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CMAJ – Press Release

Embargo: Monday, July 16th, 2007 at 5 pm

Poor ventilation and crowding in Nunavut homes associated with lung infections in Inuit children

Inadequate ventilation and overcrowding may contribute to the high incidence of lower respiratory tract lung infections in young Inuit children. Dr. Tom Kovesi and colleagues collected data on respiratory health and indoor air quality for 49 Inuit children under 5 years of age in the Baffin Region of Nunavut. They found that lower respiratory tract infection was significantly associated with indoor carbon dioxide levels and occupancy. On average, there were 6.1 occupants per house (as compared with 3.3–4.4 in southern Canada). Ventilation rates were below the recommended Canadian standard in 80% of the houses, with carbon dioxide levels often exceeding recommended concentrations. Elevated carbon dioxide is an indication of crowding and reduced ventilation. Smokers were present in 93% of the homes.

In a related commentary, Dr. Pamela Orr notes that the results of this research come as no surprise to those who live, work and study in the Canadian North. However, it is not clear whether crowded housing and inadequate ventilation are risk markers (reflecting an association with other risks, for example poverty) or risk factors (reflecting causation, for example exposure to infection) for lung infections in children. She notes that Kovesi’s study raises several questions, including the appropriateness of current housing designs in the North, which reflect Euro-Canadian designs for single nuclear family life rather than the extended communal family life of Inuit.

Inuit infants in the Baffin Region of Nunavut have the highest reported rate of hospital admission because of severe respiratory syncytial virus lung infection in the world, with annualized rates of up to 306 per 1000 infants. The infections are unusually severe in these infants: 12% of those admitted to hospital in Iqaluit require intubation and intensive care, necessitating costly and difficult air transport to tertiary care hospitals in southern Canada. Inuit infants also have disproportionately high rates of permanent chronic lung disease following a lower respiratory tract infection.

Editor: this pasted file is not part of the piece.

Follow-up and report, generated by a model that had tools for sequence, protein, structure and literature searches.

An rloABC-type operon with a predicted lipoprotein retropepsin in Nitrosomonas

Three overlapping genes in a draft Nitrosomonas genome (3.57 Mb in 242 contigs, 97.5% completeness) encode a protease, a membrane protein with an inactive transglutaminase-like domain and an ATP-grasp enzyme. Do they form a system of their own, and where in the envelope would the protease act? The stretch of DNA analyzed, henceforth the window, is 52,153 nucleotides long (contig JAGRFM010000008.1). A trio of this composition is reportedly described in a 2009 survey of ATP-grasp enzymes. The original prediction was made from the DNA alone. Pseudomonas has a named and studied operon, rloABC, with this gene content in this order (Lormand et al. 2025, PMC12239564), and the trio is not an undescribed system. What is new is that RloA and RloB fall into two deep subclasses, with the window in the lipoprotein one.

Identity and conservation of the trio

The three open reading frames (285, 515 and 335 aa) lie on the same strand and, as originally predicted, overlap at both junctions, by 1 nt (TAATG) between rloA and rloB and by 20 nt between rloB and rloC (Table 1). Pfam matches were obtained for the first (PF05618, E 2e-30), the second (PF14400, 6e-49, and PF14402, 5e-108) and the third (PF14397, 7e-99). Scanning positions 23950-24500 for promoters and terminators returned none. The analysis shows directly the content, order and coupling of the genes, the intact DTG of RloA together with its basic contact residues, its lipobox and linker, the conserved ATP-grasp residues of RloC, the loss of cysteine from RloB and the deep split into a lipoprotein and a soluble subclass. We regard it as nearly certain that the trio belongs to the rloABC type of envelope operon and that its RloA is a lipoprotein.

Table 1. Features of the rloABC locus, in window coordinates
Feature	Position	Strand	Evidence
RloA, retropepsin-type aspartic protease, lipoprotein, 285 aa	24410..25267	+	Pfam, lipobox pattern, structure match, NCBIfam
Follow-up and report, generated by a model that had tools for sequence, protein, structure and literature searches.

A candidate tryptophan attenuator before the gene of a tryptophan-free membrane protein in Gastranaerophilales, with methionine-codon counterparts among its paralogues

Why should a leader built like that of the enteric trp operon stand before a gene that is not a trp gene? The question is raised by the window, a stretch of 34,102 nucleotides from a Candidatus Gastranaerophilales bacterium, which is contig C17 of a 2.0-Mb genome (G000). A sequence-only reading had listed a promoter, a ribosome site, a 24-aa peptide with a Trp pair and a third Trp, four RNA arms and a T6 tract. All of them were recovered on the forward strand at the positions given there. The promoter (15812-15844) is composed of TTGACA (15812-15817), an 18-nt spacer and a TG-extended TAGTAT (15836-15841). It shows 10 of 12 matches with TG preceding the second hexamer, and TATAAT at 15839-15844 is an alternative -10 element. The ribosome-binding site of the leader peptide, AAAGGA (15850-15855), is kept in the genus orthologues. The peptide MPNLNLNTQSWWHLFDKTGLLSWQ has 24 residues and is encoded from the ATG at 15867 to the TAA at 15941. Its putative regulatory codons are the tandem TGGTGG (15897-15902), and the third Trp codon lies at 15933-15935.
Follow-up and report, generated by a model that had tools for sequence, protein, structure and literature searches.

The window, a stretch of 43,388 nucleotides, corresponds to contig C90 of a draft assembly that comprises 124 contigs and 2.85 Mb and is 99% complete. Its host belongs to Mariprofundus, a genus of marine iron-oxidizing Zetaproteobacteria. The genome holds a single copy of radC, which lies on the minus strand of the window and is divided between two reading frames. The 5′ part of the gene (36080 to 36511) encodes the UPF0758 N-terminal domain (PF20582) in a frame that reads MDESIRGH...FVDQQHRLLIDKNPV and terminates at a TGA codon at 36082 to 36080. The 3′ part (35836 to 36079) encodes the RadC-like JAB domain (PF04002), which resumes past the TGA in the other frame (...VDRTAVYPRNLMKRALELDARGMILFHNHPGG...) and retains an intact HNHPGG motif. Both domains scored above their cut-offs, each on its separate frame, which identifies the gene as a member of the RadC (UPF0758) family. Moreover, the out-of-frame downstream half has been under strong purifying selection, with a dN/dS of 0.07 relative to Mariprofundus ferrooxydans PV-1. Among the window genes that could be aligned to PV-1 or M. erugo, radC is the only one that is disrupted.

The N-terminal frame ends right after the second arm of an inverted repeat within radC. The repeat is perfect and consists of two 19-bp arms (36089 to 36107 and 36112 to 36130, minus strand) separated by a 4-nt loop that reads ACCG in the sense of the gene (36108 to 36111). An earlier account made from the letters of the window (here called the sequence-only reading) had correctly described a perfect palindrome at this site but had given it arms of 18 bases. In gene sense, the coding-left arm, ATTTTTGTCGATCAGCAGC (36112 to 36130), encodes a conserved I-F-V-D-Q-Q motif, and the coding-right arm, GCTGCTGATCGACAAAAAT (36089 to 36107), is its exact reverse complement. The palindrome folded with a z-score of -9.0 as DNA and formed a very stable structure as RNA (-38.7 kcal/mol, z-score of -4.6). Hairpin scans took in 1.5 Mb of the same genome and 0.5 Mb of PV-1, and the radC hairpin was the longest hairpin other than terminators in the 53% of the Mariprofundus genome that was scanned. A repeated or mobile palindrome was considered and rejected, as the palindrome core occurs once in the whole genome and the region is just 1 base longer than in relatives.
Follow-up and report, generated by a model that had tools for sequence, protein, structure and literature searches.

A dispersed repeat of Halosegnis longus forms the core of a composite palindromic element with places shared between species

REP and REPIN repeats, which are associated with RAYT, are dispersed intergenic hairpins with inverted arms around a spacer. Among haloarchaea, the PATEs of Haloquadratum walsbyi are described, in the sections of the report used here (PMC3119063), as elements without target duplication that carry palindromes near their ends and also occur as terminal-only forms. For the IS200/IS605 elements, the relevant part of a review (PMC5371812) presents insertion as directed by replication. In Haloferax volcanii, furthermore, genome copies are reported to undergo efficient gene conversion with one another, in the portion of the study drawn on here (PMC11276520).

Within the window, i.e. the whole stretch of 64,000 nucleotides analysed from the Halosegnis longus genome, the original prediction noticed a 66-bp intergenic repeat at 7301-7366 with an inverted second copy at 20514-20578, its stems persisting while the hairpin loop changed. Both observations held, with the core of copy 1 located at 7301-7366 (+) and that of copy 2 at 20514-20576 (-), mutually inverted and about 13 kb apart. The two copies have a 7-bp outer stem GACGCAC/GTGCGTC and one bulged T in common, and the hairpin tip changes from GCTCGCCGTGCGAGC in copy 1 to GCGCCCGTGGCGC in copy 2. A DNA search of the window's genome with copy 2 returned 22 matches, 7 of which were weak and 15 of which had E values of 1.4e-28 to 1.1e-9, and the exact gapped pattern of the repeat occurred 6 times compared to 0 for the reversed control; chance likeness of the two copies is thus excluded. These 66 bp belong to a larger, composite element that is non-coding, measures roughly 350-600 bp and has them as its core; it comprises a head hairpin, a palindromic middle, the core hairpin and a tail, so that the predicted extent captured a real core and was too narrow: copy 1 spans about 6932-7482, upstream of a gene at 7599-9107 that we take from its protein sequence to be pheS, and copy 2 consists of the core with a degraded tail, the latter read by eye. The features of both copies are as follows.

Contact for research: Dr. Tom Kovesi, Pediatric Respirologist, Children’s Hospital of Eastern Ontario. To arrange an interview, contact Julie Leblanc, CHEO Sr. Communications Advisor; 613 737-7600, ext. 3586,

Contact for commentary: Pamela Orr, professor, Departments of Medicine, Medical Microbiology and Community Health Sciences, and consultant, J.A. Hildes Northern Medical Unit, University of Manitoba, Winnipeg, Man., is available on July 16 only; 204 787-3391 or 204 787-7772

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July 17, 2007 Posted by | Alberta, Calgary, Canadian Institutes of Health Research, Global, Global Health Vision, Global News, Health Canada, Inuit children, Newfoundland, News Canada, Nova Scotia, Nunavut, Ottawa, RSS, RSS Feed, Toronto, World News | Leave a comment

New gene mutation identified in common type of dementia

ST. PAUL, MN — Researchers have identified a new gene mutation linked to frontotemporal dementia, according to a study published in the July 10, 2007 issue of Neurology®, the medical journal of the American Academy of Neurology.

Frontotemporal dementia, one form of which is known as Pick’s disease, involves progressive shrinking of the areas of the brain that control behavior and language. Symptoms include language problems and personality changes, often with inappropriate social behavior. Unlike Alzheimer’s disease dementia, the disease does not affect memory in the early stages. The genetic form of the disease is rare; most cases occur randomly.

“We are hopeful that this finding will help us better understand how this disease works and eventually help us develop new therapies for the disease,” said study author Amalia Bruni, MD, of the Regional Neurogenetic Centre in Lamezia Terme, Italy.